By Dylan Garner | Photos by Griffin Harrington and courtesy of Ojo Taylor
Music professor Joseph “Ojo” Taylor gave his songwriting class a fairly simple assignment: write a one-part song. The class obliged, but they had one challenge for him, they asked him to write one as well.
He retreated back to his office in the Music Building and began to write. He contrasts his own style to that of legendary writers like Bob Dylan, who are able to create entire worlds through their lyrics.
“For me, my songwriting seems to have been about documenting my life, which sounds a little bit pretentious,” Ojo says. “I document my life through my songs, whether that is good or bad.”
To get inspiration for the assignment, he read a poem called the “The Rubaiyat of Omar Khayyam” and decided to loosely base his song on the prose, which is approaching its millennial anniversary. The poem was pulled from “The Portable Atheist” by Christopher Hitchens, a well-known advocate for atheism. Ojo describes the book as “required reading” for anyone.
It took him just one day to write his song, “Be Still My Child,” which he dedicated to the “promotion of the human condition and those human experiences.” His songwriting career up to the recording of this anti-“ism” ballad took him through journeys both spiritual and physical.
And it all started with the Rapture.
Ojo and his childhood friend, James “Gym” Nicholson became enthralled by the preachings of pastor Chuck Smith, the conductor of the Calvary Chapel in Southern California. In his words and in his texts, Smith was predicting the end of the world. Ojo and Gym, along with many young adults at the time, did what they had to do to save themselves from the inevitable. They were born again.
“We had this sense of urgency. That’s why we did it,” Ojo says.
Gym wanted to start a band — he knew Ojo had played a little bit of piano growing up — so that became their outlet for their Christianity.
After middling success playing free shows in lumberyards and parks, their small band moved from ’70s rock influences and became a band that matched the life and times of early-’80s Los Angeles: a punk band called Undercover.
“That’s what you did. You went for it and became a born-again Christian, started a band and started playing, spreading the good news. After all, that’s what the Bible commands Christians to do, go out and make disciples of all nations,” Ojo says. “And then you add in that sense of urgency from the impending apocalypse: There’s your mission from God right there.”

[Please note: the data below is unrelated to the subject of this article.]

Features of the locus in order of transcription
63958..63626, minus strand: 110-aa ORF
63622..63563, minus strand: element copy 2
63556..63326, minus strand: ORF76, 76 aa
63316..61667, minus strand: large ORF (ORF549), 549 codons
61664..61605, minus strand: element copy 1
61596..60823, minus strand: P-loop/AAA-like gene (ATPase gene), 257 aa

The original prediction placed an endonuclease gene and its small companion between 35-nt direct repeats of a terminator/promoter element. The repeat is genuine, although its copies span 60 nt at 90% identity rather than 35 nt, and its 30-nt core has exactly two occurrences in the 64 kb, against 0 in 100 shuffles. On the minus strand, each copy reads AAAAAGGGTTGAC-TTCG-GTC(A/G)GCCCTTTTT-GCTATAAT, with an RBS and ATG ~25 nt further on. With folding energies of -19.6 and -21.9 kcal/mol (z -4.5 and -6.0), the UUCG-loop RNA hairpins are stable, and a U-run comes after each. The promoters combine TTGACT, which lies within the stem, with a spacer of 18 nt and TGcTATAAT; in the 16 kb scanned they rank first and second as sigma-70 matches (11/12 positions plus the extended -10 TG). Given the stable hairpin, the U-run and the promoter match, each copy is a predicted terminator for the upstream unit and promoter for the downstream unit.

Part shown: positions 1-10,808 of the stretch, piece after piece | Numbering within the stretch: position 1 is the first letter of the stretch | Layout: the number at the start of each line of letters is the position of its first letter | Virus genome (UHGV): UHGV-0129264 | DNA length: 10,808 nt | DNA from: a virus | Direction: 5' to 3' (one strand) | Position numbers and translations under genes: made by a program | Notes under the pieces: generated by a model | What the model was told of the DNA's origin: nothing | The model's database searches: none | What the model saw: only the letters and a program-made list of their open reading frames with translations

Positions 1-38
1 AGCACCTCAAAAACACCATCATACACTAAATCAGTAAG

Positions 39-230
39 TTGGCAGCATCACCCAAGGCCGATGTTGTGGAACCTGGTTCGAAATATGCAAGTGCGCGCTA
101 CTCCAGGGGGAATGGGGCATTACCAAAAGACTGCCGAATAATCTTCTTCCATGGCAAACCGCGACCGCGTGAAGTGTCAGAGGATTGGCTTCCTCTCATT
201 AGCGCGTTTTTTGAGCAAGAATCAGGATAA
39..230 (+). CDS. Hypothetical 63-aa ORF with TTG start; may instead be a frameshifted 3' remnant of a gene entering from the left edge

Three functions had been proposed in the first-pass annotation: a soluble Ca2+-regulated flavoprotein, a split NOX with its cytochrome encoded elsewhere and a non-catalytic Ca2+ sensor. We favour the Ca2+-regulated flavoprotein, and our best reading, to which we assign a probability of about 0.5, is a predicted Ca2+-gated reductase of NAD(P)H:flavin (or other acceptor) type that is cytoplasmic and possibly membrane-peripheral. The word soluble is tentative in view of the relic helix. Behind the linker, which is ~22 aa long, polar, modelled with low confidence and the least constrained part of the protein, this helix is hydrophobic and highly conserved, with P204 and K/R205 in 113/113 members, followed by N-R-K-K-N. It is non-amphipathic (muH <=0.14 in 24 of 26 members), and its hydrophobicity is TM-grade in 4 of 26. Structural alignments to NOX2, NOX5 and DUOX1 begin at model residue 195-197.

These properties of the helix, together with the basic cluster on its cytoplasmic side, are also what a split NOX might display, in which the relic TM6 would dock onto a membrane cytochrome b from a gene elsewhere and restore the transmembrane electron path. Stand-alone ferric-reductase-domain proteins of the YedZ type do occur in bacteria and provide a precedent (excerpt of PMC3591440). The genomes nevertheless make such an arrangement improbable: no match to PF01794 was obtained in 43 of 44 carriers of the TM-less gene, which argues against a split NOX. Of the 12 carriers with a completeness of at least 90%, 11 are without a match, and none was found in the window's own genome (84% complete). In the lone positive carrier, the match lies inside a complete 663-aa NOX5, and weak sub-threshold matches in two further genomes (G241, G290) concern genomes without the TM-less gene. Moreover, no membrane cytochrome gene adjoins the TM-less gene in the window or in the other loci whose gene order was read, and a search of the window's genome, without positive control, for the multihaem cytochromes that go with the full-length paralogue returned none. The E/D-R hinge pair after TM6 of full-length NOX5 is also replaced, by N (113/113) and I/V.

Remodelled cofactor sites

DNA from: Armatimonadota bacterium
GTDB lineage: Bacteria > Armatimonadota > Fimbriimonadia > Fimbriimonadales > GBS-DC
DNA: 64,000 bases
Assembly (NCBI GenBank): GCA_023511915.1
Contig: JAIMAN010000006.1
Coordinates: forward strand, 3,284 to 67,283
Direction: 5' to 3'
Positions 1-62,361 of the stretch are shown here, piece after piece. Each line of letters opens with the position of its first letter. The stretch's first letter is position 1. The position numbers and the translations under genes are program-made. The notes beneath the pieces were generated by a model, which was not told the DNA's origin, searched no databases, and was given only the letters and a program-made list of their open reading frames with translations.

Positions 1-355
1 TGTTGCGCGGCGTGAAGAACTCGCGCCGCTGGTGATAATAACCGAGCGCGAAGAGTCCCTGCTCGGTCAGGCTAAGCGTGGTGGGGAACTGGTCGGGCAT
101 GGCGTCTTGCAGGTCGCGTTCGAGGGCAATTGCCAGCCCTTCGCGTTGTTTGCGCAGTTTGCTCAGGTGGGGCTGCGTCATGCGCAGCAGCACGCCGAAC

Southern California was a tumultuous yet electrifying location for the growing youth population and its music. Within just a couple of years, the city erupted with loud guitars and angsty screams with a new breed of punk music. Black Flag and the Circle Jerks laid the foundation for this L.A. hardcore scene.
Undercover thrived on the speed and style of these bands but didn’t preach the anarchy to wild, moshing audiences like the others did. Undercover, instead, preached the gospel. The band’s strange blend of hardcore punk, new wave and Christian lyrics was difficult for the church to accept.
“The churches are just getting over the idea of people having long hair and singing with their acoustic guitars, and here we come with mohawks and chains,” he says. “It was another big shift; probably before the church was really ready for it. It really was kind of a cultural revolution all over again among young church-goers in Southern California. And then, of course, it spread from there across the country.”
Ojo recalls playing on the Sunset Strip, a block away from the famous Whiskey a Go Go, where Black Flag was playing. He describes the scene as “mayhem,” with people — ranging from “12-year-olds” to “skinheads” — pouring into the streets. Through the chaos, Ojo found inspiration in an odd place.
“On the side of the building … there was a bunch of graffiti,” he says. “Somebody had written with a black marker, like a Sharpie, ‘Mob Rules,’ which was a record by Black Sabbath. And it just immediately came to me, blinding, flashing the obvious.”